Nigeria’s coat of arms features a black shield with a white, wavy pall that represents the confluence of the Niger and Benue Rivers in the city of Lokoja. The black shield symbolises the rich soil of Nigeria, while the white horses or chargers on either side signify honour. The eagle stands for power, and the green and white spirals at the shield’s peak indicate fertile ground.
At its foundation, you’ll find the red petals of the Costus spectabilis, the national flower of Nigeria. Because it is so ubiquitous in the country, the Nigerian government decided to include this flower in the coat of arms to symbolise the country’s splendour. Since 1978, “Unity and Faith, Peace and Progress” has been Nigeria’s national motto, which is displayed on the banderole around the base (formerly “Peace, Unity, Freedom”).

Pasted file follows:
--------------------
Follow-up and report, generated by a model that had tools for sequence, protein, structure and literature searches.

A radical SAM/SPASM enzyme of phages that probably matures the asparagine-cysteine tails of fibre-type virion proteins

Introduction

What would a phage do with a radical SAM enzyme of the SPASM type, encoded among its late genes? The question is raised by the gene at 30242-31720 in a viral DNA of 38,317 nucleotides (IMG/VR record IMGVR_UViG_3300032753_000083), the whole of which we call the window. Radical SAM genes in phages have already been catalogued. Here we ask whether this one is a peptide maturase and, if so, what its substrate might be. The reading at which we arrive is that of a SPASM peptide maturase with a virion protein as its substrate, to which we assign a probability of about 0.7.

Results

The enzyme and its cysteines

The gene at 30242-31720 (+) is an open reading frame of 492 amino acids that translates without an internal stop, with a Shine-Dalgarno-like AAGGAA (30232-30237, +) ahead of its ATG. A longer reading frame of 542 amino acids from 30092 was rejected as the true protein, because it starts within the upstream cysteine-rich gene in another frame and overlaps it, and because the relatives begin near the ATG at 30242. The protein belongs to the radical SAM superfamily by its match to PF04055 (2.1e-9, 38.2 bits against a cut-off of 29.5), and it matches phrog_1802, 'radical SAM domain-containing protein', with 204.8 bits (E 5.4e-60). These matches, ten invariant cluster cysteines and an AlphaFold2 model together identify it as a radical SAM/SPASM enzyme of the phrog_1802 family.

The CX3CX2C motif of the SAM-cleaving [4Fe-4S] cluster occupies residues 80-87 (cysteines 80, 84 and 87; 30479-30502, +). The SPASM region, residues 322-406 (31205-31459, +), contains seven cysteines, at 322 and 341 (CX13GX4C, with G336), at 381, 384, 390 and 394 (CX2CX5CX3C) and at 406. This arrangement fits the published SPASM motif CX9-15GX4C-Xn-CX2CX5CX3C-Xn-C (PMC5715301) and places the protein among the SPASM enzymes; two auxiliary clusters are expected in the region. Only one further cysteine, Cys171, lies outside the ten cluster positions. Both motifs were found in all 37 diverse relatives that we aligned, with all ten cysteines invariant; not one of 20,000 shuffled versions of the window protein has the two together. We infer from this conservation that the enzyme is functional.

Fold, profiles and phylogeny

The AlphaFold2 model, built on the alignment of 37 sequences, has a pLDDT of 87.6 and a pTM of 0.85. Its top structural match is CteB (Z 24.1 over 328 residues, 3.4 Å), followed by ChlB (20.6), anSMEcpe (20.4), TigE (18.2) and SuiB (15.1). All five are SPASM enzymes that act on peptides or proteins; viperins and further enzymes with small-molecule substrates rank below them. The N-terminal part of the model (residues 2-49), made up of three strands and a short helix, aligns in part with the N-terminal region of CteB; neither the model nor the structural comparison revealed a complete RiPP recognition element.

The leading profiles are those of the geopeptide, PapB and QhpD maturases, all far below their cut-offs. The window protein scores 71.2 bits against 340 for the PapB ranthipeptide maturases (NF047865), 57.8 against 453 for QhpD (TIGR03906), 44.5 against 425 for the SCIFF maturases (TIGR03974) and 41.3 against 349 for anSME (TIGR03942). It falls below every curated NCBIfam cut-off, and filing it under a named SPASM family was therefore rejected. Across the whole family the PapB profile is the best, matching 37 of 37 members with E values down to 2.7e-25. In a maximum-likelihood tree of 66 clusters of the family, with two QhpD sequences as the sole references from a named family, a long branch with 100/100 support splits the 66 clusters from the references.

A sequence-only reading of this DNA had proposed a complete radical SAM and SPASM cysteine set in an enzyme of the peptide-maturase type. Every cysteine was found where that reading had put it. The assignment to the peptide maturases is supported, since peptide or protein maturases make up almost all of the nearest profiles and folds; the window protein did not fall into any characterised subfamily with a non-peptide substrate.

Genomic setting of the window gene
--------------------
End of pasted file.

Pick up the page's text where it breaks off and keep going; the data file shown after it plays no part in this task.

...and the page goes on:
Sable with a pall wavy in argent, supported by two horses in argent, and an eagle displayed in gules, all placed for a crest on a wreath of argent and verd, respectively.
About 23 sub-nationals also have their own coat of arms, which is interesting to notice. Abia, Adamawa, Akwa Ibom, Bauchi, Benue, Borno, Ebonyi, Edo, Enugu, Imo, Jigawa, Kebbi, Kano, Kwara, Lagos, Nasarawa, Niger, Ondo, Oyo, Plateau, Taraba, Yobe, and Zamfara States are the federating units possessing official coats of arms.